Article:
https://www.nytimes.com/2018/03/23/opin ... -race.html
In this way, a consensus was established that among human populations there are no differences large enough to support the concept of “biological race.” Instead, it was argued, race is a “social construct,” a way of categorizing people that changes over time and across countries.
It is true that race is a social construct. It is also true, as Dr. Lewontin wrote, that human populations “are remarkably similar to each other” from a genetic point of view.
I have deep sympathy for the concern that genetic discoveries could be misused to justify racism. But as a geneticist I also know that it is simply no longer possible to ignore average genetic differences among “races.” [...]
Groundbreaking advances in DNA sequencing technology have been made over the last two decades. These advances enable us to measure with exquisite accuracy what fraction of an individual’s genetic ancestry traces back to, say, West Africa 500 years ago — before the mixing in the Americas of the West African and European gene pools that were almost completely isolated for the last 70,000 years. With the help of these tools, we are learning that while race may be a social construct, differences in genetic ancestry that happen to correlate to many of today’s racial constructs are real.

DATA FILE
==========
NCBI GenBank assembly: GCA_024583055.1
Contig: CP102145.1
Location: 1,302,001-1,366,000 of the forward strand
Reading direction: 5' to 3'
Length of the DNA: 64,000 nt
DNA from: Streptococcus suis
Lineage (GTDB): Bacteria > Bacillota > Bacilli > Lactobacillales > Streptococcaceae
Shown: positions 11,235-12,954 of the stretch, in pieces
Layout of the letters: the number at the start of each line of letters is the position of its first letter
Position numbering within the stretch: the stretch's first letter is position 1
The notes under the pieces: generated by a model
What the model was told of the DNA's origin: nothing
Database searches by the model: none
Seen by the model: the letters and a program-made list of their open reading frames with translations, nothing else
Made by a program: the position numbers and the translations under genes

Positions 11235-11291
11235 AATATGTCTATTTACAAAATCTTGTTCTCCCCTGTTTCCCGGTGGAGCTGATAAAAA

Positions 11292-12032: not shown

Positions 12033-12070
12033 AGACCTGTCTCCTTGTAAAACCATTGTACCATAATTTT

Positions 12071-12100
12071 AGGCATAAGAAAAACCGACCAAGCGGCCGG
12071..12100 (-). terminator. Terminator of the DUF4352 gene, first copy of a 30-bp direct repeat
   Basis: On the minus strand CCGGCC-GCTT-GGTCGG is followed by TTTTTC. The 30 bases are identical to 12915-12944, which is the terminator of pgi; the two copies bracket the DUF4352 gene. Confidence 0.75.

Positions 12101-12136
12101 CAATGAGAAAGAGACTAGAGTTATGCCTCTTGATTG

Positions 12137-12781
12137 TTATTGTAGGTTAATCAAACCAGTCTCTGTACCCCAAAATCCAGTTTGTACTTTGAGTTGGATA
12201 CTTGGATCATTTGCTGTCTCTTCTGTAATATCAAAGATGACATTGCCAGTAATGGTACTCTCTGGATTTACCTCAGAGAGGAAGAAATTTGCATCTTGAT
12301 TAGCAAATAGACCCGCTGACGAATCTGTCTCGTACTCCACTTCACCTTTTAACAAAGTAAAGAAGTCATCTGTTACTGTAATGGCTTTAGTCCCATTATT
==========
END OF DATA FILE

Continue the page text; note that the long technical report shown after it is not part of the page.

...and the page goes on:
Recent genetic studies have demonstrated differences across populations not just in the genetic determinants of simple traits such as skin color, but also in more complex traits like bodily dimensions and susceptibility to diseases. For example, we now know that genetic factors help explain why northern Europeans are taller on average than southern Europeans, why multiple sclerosis is more common in European-Americans than in African-Americans, and why the reverse is true for end-stage kidney disease.
I am worried that well-meaning people who deny the possibility of substantial biological differences among human populations are digging themselves into an indefensible position, one that will not survive the onslaught of science. I am also worried that whatever discoveries are made — and we truly have no idea yet what they will be — will be cited as “scientific proof” that racist prejudices and agendas have been correct all along, and that those well-meaning people will not understand the science well enough to push back against these claims.
Ein "richtiger" Beitrag kommt von mir die Tage mal wieder, wollte das nur mal loswerden
bin sehr erfreut darüber, dass die Debatte mittlerweile in der New York Times offen diskutiert wird.